BOSTON (AP) -- Massachusetts risks losing hundreds of millions of dollars in gambling revenue if the state's gambling commission votes to open up the southeastern region to commercial casino developers, the Mashpee Wampanoag tribe warns.
The Mashpee, which has proposed a resort casino in Taunton, issued a statement and launched radio and TV ads in advance of a scheduled meeting on Thursday at which the commission will consider a plan to invite commercial bids for the sole state license in the region that until now has been carved out for a federally-recognized Indian tribe.
In a message posted on the commission's website, the panel's chairman, Stephen Crosby, said the plan under consideration would offer "the broadest range of options for the most parties," including the tribe.
But Cedric Cromwell, chairman of the Mashpee Wampanoag tribal council, said a vote by the commission to open up southeastern Massachusetts could result in four casinos being built in the state, rather than the three allowed under the 2011 casino law.
Should the state award a license to a commercial bidder, the tribe has promised to continue pursuit of a casino under a separate federal process. And should that casino eventually open, the tribe argues it would not be required to pay any revenue to the state, while it pulls business away from a competing casino in the region.
"The public has a right to know what will happen if the Gaming Commission continues their rush to disadvantage the Tribe, Cromwell said in a statement. "The state's own experts warned of disastrous effects if the state and the Tribe don't work together."
In the radio and TV ads, the tribe criticizes the commission for a lack of accountability. It also makes note that ancestors of the current-day Wampanoags greeted the Pilgrims centuries ago in Plymouth.
The commission began weighing the possibility of opening up southeastern Massachusetts to commercial developers last year as the tribe struggled to overcome a series of regulatory and legal hurdles along the path to a casino.
The federal Bureau of Indian Affairs last year rejected a compact negotiated with the state that called for the tribe to return 21.5 percent of its gambling revenue to the state. A revised agreement with Gov. Deval Patrick's administration would lower the state's take, likely to 15 or 17 percent, but it has yet to be voted on by the Legislature.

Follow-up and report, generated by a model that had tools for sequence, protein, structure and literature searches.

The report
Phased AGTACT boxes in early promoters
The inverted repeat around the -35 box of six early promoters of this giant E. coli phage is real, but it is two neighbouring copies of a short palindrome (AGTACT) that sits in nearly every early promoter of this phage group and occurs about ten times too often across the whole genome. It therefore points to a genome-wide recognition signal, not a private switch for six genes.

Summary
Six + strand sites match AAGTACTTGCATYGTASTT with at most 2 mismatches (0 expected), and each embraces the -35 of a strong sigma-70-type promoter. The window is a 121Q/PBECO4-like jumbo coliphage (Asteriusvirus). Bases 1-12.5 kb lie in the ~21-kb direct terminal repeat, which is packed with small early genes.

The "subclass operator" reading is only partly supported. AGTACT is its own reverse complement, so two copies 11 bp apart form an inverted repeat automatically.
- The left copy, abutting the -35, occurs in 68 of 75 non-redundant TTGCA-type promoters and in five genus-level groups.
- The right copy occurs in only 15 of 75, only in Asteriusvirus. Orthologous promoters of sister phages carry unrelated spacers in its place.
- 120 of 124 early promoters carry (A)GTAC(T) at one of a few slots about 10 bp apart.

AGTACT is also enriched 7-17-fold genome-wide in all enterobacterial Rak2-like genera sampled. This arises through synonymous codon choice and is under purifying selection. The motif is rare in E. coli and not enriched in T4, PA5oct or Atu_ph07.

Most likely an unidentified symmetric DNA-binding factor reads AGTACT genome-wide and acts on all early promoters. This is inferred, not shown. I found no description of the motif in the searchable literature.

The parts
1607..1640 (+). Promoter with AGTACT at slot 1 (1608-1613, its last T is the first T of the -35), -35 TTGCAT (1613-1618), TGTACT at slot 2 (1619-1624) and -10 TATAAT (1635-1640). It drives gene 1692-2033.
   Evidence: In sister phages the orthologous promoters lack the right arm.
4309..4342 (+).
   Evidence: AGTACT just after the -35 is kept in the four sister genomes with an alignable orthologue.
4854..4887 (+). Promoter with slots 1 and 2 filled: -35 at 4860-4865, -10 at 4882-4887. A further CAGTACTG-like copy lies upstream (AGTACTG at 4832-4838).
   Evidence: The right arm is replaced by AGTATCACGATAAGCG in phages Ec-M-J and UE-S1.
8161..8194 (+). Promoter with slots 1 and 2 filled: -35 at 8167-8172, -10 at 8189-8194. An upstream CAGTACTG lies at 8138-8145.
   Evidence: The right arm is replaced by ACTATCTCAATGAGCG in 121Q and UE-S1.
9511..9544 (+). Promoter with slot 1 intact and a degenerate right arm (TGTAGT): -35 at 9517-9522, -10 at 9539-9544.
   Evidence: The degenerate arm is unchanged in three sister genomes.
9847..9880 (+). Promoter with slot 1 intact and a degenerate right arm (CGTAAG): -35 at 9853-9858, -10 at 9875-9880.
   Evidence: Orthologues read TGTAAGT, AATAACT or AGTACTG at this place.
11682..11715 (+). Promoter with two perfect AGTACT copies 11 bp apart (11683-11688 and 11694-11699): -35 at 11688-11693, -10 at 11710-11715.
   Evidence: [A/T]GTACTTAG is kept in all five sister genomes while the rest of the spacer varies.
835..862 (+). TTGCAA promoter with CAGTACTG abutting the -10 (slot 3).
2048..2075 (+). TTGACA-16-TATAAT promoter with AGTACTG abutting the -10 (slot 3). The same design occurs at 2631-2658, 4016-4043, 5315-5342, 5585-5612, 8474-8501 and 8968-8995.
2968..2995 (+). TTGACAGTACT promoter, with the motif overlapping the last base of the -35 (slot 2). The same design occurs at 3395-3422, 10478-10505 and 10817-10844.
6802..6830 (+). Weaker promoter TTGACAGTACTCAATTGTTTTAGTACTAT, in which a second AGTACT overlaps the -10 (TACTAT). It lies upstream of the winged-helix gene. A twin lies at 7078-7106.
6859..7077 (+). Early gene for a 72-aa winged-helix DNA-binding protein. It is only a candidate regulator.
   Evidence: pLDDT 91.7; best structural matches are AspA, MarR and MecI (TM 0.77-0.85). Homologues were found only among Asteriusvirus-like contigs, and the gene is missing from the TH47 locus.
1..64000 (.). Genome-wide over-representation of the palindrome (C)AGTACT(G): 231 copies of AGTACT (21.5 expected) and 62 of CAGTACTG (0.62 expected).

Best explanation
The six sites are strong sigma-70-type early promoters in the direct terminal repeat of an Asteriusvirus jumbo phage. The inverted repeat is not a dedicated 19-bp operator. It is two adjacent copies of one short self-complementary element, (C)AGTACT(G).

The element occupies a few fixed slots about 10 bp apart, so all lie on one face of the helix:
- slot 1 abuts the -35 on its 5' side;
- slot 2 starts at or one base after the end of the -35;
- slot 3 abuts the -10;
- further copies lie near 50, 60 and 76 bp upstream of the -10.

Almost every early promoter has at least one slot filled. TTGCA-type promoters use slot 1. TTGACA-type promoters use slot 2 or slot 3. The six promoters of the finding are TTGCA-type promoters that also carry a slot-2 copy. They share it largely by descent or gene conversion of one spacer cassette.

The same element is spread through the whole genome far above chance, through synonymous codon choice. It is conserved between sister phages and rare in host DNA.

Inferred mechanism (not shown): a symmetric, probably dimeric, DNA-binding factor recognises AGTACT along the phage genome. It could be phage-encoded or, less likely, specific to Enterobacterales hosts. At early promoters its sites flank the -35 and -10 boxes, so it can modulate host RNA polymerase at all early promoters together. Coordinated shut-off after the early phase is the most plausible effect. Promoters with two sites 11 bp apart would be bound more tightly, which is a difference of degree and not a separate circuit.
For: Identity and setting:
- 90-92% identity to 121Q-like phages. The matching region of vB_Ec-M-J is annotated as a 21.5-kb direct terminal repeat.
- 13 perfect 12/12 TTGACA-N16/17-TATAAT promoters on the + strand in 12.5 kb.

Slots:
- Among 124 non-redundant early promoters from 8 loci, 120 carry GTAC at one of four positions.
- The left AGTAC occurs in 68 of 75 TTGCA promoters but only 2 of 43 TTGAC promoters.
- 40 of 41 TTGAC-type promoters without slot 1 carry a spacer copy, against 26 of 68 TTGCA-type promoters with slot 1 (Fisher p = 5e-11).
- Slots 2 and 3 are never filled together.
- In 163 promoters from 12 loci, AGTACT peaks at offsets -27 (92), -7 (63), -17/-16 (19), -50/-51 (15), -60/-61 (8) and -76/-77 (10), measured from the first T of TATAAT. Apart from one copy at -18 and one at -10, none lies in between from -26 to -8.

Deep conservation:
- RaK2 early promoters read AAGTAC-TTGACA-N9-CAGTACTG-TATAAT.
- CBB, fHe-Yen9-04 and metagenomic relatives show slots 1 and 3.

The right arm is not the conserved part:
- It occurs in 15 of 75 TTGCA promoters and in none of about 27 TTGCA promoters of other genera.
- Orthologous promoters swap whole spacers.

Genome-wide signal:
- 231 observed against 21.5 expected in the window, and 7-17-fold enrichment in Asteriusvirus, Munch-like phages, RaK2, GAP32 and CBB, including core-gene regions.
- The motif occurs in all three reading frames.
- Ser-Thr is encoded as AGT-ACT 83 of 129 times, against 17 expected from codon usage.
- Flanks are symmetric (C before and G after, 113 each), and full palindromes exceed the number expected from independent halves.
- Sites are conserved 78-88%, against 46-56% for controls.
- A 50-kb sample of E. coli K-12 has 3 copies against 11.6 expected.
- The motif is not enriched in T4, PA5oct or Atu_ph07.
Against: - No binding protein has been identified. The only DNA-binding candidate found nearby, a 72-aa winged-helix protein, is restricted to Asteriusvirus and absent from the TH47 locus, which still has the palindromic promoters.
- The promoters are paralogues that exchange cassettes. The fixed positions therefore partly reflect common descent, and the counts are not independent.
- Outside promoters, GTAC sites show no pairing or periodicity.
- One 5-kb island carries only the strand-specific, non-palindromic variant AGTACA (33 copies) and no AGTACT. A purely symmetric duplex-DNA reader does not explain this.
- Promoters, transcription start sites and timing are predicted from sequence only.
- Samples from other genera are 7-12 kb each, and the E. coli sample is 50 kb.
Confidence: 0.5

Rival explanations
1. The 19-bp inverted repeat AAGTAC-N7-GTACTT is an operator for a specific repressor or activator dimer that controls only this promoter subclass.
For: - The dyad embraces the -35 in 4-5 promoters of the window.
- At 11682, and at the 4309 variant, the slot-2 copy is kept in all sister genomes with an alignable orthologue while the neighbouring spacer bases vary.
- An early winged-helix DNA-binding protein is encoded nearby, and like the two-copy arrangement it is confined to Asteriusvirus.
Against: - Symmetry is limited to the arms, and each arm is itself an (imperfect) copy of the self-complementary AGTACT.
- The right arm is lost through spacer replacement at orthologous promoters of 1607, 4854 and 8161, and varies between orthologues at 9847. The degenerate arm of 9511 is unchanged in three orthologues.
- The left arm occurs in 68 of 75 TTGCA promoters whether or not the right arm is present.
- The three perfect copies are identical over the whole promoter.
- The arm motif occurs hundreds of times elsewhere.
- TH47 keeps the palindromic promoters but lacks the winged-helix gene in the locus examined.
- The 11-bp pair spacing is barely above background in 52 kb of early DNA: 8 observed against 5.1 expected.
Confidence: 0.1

The tribe is also pursuing a land-in-trust designation the federal government for the 146-acre site it hopes to build on in Taunton, but any such agreement could face legal challenges because of a U.S. Supreme Court decision that limits land taking for tribes that were recognized before 1934. The Mashpee received federal recognition in 2007.
Still, the tribe has said it believes it is on track to break ground on its casino development within the next year.
Crosby said in the message posted Sunday that the commission was trying to reconcile the intention of the Legislature to allow just one casino in southeastern Massachusetts with the uncertainty surrounding the tribe's progress and the potential for the region being left behind while casino development proceeds elsewhere in the state.
The plan to be considered on Thursday would allow for commercial bids, while the commission monitors the tribe's ongoing efforts to win approval of the state compact and the federal land-in-trust agreement. After reviewing any proposals from other developers, the panel would then decide on the best course of action, Crosby wrote.
"At the same time, the Commission would be shirking its fundamental responsibilities if it failed to look at alternatives, since the status of the Tribe's application for land in trust, and its ability to proceed with its casino project, cannot be predicted with certainty," he wrote.